When a child bullies others, parents can often feel responsible. Many don’t understand why their child would do something mean and hateful to someone else. Children bully for several reasons, many of which are out of the parents control. When a bully’s actions result in physical harm or serious injury to another person, both the bully and their parents can be financially liable. In some states, the parents are held accountable for their children’s actions, especially if they cause financial hardship to the victim.Learn how to Make Amends if you have been a bully or unkind to someone?
An accurate definition of making amends involves taking responsibility for one’s actions and providing due compensation. Compensation can be as simple as a heartfelt apology or financial restitution. If the bully’s actions result in irreparable damage or a person’s death, no amount of compensation may be able to satisfy the victim or their family.
The most important thing that most victims want is a sincere apology. Many do not have physical injuries. Instead they have emotional scars that take much longer to heal and never really go away. Emotional wounds are invisible but have a huge impact on how a person perceives themselves and the world around them. Bullies that use verbal assaults to manipulate their victims can do long lasting damage that long into adulthood.
Making amends is the first step in helping the victim begin the healing process. It also helps the bully realize the devastating affect their actions can have on another person. In many situations, all the victim needs or even wants is a simple, truthful apology. Others would ask that the bully think twice before knowingly hurting others. Bullies who are made to be accountable for their actions will often think twice before they intentionally try to hurt or manipulate someone else.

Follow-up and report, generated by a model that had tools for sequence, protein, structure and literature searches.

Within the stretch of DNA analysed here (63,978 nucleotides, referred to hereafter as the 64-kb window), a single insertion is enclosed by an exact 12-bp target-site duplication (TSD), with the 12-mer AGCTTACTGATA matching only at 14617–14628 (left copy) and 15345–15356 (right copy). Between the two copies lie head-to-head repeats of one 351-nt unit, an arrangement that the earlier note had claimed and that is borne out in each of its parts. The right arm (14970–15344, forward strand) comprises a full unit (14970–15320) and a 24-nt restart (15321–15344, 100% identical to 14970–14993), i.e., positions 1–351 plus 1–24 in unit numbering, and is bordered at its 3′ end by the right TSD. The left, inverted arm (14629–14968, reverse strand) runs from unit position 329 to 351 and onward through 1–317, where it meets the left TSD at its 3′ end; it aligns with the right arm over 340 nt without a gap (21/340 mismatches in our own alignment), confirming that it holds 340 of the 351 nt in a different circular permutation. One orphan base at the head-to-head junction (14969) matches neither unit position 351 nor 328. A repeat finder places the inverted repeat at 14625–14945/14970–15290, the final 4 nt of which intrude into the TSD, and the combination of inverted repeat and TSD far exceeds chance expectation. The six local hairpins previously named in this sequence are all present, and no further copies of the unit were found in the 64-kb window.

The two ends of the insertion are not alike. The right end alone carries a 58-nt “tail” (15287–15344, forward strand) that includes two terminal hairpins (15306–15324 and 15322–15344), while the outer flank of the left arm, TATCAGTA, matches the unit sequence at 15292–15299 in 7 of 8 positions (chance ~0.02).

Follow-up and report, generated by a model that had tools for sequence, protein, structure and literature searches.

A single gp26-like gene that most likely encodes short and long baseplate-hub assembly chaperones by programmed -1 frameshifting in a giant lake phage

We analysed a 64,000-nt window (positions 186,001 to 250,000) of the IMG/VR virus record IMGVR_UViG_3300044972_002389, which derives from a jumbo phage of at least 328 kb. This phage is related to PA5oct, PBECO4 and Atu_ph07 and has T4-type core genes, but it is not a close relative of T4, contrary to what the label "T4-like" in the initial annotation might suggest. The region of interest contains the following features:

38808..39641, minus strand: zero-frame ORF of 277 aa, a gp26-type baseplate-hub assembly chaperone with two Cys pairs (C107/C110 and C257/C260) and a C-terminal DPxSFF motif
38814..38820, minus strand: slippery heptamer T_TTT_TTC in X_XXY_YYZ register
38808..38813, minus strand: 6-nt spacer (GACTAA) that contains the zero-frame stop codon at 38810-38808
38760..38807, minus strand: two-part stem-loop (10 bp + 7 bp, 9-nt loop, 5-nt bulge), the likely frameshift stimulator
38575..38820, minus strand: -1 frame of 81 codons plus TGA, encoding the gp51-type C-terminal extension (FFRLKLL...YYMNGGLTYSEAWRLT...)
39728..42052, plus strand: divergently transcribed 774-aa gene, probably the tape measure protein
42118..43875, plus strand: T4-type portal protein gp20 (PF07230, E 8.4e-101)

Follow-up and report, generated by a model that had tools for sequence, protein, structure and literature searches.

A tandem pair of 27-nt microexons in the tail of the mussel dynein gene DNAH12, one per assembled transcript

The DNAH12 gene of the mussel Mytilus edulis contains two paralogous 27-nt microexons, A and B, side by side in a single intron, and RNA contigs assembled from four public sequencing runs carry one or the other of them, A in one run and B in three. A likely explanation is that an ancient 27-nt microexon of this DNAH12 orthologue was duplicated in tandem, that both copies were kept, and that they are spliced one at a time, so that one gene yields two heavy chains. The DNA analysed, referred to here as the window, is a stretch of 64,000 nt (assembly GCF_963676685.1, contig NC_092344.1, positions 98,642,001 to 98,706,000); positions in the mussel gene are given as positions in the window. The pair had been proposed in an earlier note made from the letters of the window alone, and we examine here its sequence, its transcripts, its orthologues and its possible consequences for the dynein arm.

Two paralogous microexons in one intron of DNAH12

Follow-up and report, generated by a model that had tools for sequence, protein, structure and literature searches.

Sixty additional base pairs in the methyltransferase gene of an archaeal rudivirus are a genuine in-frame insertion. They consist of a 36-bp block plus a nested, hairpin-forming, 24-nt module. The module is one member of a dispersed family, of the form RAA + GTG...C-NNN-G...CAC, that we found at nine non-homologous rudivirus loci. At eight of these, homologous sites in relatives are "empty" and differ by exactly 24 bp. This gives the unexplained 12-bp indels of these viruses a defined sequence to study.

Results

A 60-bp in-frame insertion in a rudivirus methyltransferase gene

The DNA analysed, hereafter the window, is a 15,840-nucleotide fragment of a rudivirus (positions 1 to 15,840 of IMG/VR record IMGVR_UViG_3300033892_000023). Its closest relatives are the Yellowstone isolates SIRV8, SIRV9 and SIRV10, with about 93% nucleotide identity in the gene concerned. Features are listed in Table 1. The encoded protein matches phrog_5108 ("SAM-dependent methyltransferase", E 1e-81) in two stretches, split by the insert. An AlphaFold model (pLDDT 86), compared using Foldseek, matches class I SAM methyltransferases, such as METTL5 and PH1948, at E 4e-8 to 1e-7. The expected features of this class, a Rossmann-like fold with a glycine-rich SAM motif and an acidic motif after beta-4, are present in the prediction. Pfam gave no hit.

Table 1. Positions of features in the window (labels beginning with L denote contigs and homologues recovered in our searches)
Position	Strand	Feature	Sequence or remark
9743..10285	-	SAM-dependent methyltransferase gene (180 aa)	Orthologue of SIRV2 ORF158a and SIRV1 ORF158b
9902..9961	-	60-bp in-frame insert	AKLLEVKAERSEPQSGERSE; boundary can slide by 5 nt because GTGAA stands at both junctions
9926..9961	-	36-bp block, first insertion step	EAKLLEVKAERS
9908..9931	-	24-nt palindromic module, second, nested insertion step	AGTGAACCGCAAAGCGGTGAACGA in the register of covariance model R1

What Not to Say
When a person tries to make amends for their actions or for the actions of another, there are certain things that shouldn’t be said.
- Don’t make excuses – Don’t make excuses to justify the bully’s behavior. In most cases, there is no excuse and the victim was simply the target. Making excuses for the bully attempts to justify their actions when there is no reason for what they did.
- Don’t place blame on the victim – Don’t make the victim feel as if they are to blame for the incident in question. Even if they played a small role in what transpired, making amends is about claiming responsibility for the bully’s role, not the victims’.
- Don’t attempt to minimize the damage – Don’t attempt to minimize either person’s role or the damage that was caused. For a person who has trouble with depression and low self-esteem, even the smallest incident can be traumatizing.
- Don’t talk in a condescending manner – If you are trying to make amends, the worst thing you can do is act like the apology is beneath you. If you or a family member has bullied another person, you may have no clue how the incident truly affected the victim. Making light of the situation will only make things worse.
Knowing how to handle a situation like this with tact and grace is a skill that must be learned and honed to perfection. Much like mediating a court case, saying the wrong thing at the wrong time can be devastating. Choose your words wisely and always remember that both parties have something to lose if the meeting is not successful. Making amends should be about beginning the healing process, not just to get past a bad situation.